You catch more flies with honey than with vinegar.

This is a common expression, traced back to the 1700s and probably earlier, that is used to share the idea that you will reach your goals by being nice to people rather than being nasty.
Proverbs like this one endure the ages because they’re true. They are life lessons for us all.

In speaking recently with my colleague, Carrie Toth, she shared with me a similar message that she had heard recently in church (paraphrasing):

There are two reasons why people don’t go to church – they either haven’t met a Christian yet, or they have.

We agreed that it can be this way within our TPRS / TCI community. Either our colleagues aren’t aware of TPRS / TCI and the power it has to change our students’ language learning experiences, or they’ve met someone whose actions have left the sourest of tastes and TPRS / TCI becomes guilty by association.

This is a call to pour more honey.

It’s easy for passion to be misinterpreted. It’s easy to feel that the transformation you’ve undergone should be undergone universally. It’s logical to want what you feel is best for others.

But it’s critical that we all remember why we do what we do. We are in this to make a difference for our students, to create a more tolerant, multilingual society, to share the joy we’ve experienced knowing people of other cultures through their language. We (and I’m talking about educators in general) are already over-worked and underpaid. We struggle with work-life balance, working more than one job, and oh, boy could I make that list go on and on. Nobody deserves to be mistreated or disrespected because they’re at a different place on their journey.

We’re all on the same team. 

Over the years I’ve met folks who felt TPRS was about someone’s “personality”. In my own district there are introverted, non-theatrical teachers kicking butt with TPRS, but my saying so wouldn’t change that person’s mind.  I’ve met people who couldn’t imagine acting out stories, but could use puppets. Folks who love the reading aspect but don’t feel comfortable asking personalized questions. And I’ve known people long enough to know that they are always evolving. We are always evolving. And actually, that’s the beauty of TPRS. It’s NOTHING like it was 10 years ago, which was NOTHING like it was 20 years ago. Mostly, I’ve met educators who are willing to take risks and try new ideas with the goal of improving our own craft and our students’ experiences.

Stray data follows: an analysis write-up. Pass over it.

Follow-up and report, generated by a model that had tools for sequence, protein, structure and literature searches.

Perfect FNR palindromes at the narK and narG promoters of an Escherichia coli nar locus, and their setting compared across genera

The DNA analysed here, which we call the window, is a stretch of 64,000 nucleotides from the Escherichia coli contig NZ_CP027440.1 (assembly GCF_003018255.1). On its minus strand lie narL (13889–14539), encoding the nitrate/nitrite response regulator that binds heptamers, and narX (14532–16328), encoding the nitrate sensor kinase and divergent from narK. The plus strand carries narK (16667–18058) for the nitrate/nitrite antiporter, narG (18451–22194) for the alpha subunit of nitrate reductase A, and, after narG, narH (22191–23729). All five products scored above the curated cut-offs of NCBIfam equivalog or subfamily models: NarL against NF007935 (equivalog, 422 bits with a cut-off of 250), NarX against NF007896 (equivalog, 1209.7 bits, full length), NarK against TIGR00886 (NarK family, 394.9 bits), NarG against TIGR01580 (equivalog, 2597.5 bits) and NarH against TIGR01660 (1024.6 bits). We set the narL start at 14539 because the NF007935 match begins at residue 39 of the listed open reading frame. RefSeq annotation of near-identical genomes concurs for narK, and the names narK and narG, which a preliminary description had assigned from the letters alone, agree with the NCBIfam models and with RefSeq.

This blog exists for those of us who are actively trying to improve. It’s a place to share the difference that taking the dive into TPRS and Teaching with Comprehensible Input has made both for me professionally and for the thousands of students I teach, have taught, will teach. I’m interested in helping others learn how to create a classroom of JOYful and effortless language acquisition. And I’m interested in creating spaces where 100% of students experience success in language acquisition and develop the confidence and competence to continue learning languages into the future.

It can be done. And it can be done for almost every. single. kid.

I welcome you here no matter where you may be on your personal journey.

But please know there is no silver bullet and there is no finish line. I’m also on my own journey and am changing and evolving as an educator and human being as well.

Honey or Vinegar

2 thoughts on “Honey or Vinegar

  • February 8, 2016 at 3:32 pm
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    :). We are all in this together

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  • February 8, 2016 at 3:33 pm
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    Well said, Grant! My teaching (like TPRS) continues to evolve every year! It’s nothing like it was 20 years ago or 10 years ago… or even five years ago!! Social media has provided so many great sharing ops that my teaching gets better and better with very little effort. I only need to read Twitter, FB and the myriad of blogs that are “out there.” Amid all of it, there are some that I find more kind and more “sincere” (no personal motives), and those are the ones I focus on. I have gotten great ideas from a wide range of PLCs, and I am grateful for everyone of them, regardless of the “method” they profess to use. Thanks for sharing, Grant.

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